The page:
Quick Movie Review: Sure, this is a stewardship blog…but wait! There’s more! I’m channeling my inner movie critic this week because I went to see a movie in a theater which in and of itself was a momentous occasion.
On the 4th of July, I saw Summer of Soul. I urge you to run, run, run to see it. It’s a joy-filled history of the 1969 Harlem Cultural Festival. Stevie Wonder, Sly and the Family Stone, Mahalia Jackson, the Fifth Dimension, the Edwin Hawkins Singers, Nina Simone and more. It’s a cacophony of sound that will leave you uplifted and singing and wondering just how you did not know about this event before now (and it's not hard to guess why). You can also see Summer of Soul on Hulu – but it’s the big screen (and sound) that does it true justice.
Now, on to Giving USA 2021. This is an annual report published by the Giving USA Foundation and researched and written by the Indiana University Lilly Family School of Philanthropy at IUPUI. It is the yearly report of who is and how people are giving.
Here are the deets (I’m keeping the lingo hip):
1. Good News:
In 2020, Americans gave a total of $471.44 billion (that’s billion with a “b”) – a 5.1% increase over 2019. A record.
- Individuals made up 69% of the total amount of giving, up 2.2% over 2019
- Foundations gave 19% - an increase of 17% (most likely due to the distribution of special COVID relief funds)
- Bequests (legacy gifts) were up 10.3% to cover 9% of all giving
- Corporations gave 4% and were the only giving group to decrease giving – by 6.1%
Here’s the info my church friends want to know: What percentage of that amount went to religious organizations?
2. Seemingly Good-but-Not-Really News:
28% went to religion. Still the top dog in giving. A 1% increase over 2019. However, adjusted for inflation, giving was flat.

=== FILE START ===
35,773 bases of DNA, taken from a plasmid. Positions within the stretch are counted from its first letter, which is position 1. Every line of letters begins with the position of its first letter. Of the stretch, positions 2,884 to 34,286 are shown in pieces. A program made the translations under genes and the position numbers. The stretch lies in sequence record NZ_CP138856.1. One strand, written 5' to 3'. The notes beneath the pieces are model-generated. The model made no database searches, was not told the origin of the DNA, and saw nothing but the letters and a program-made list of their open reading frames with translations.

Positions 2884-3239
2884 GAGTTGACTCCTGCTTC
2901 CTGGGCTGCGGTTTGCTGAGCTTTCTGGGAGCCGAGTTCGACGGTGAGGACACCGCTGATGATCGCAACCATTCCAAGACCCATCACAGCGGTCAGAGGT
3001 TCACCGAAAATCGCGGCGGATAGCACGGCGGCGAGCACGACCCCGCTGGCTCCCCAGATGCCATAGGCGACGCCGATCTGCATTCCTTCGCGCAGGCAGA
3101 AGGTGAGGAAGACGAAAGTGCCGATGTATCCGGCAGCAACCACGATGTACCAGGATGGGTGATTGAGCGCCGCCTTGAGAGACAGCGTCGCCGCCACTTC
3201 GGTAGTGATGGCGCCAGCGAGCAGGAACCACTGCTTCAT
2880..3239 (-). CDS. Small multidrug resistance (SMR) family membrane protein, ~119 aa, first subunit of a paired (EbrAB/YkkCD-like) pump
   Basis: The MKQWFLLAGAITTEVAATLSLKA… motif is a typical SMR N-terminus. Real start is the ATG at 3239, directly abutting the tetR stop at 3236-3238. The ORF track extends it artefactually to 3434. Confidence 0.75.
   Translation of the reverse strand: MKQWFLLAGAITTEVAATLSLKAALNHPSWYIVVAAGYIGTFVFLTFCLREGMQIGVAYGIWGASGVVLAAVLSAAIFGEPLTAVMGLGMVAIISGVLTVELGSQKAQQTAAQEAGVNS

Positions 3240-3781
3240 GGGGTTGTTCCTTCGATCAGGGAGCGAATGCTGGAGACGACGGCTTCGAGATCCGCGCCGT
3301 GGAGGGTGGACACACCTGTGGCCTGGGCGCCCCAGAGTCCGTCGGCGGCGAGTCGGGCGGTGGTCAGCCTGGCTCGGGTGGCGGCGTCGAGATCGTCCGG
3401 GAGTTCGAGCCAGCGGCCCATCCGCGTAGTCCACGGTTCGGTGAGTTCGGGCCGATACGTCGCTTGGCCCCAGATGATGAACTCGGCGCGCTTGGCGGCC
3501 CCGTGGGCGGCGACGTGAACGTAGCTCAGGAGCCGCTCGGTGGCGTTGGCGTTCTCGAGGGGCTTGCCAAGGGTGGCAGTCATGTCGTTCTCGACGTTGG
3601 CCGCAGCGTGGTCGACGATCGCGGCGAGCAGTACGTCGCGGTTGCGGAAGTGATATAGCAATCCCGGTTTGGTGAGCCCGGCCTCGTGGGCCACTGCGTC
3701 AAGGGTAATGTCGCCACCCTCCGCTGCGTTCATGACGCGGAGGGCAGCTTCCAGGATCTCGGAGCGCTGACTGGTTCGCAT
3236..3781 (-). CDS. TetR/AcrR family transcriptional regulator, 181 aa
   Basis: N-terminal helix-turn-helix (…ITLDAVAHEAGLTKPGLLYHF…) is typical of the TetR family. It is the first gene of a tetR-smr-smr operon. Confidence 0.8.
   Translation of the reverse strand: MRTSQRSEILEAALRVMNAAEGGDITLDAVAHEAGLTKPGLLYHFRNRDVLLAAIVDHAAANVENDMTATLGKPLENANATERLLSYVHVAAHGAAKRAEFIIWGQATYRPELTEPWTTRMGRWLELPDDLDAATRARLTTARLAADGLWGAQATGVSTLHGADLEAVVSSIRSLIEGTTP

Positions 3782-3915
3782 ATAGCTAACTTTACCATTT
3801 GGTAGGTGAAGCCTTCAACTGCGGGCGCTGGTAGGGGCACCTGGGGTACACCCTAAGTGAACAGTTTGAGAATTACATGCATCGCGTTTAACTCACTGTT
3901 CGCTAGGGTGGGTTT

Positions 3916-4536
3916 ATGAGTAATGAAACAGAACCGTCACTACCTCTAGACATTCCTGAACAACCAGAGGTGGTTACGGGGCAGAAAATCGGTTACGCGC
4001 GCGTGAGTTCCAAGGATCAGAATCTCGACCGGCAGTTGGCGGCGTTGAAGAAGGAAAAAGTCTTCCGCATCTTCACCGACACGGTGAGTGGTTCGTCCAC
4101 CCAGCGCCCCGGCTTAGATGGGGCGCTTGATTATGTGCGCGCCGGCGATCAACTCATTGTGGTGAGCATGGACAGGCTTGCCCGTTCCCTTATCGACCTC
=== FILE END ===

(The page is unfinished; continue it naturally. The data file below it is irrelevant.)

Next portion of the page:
Not a terrific sign when giving overall was at a record high.
3. Good News:
Public society benefit organizations saw a tremendous gain in 2020. They received a 10% portion of the pie and saw a 15% increase in giving. Looking further, “public society benefits” refers to a variety of organizations including national donor-advised funds, United Ways and civil rights organizations. Given the murder of George Floyd and the racial reckoning that happened in 2020, it’s no surprise to see the increase in this area.
What does this mean for religious organizations? As David P. King, PhD, Karen Lake Buttrey Director for the Lake Institute on Faith & Giving says:
Yet, considering the circumstances in such a unique year, if you predicted religious giving would remain basically flat, I imagine most religious leaders would be happy with those results. Alongside the shuttering of almost all in-person services for most of last year, congregations had to find new avenues for the majority of giving that occurred through these in-person services… Lake Institute’s early COVID-19 Congregational Study found that 84% of congregations had the ability to accept contributions online before or right after the pandemic began.
So, hooray for adapting in the face of chaos and what appeared to be sure pandemic doom.
Giving to religious organizations has been going down for years.
How are you going to adapt to the reality that people want to give – maybe not to the church but to more diverse organizations? I like one more thing that David King has to say:
…those organizations with energy for strategic planning are also realistic. They are ready to focus on repurposing existing resources to produce a more streamlined and sustainable future. To be clear, this is not a resignation of religious organizations to shrink and become a smaller, weaker version of themselves, but rather seizing an opportunity to reimagine their mission in a new context.
- It’s not a game of survival.
- Seize the opportunity.
- Reimagine your mission.
- Think of new ministry contexts.
That makes for an invigorated and exciting church – one people just may want to get behind and support.
* For more information about this year’s Giving Report, read this piece from the Philanthropy Network of Greater Philadelphia.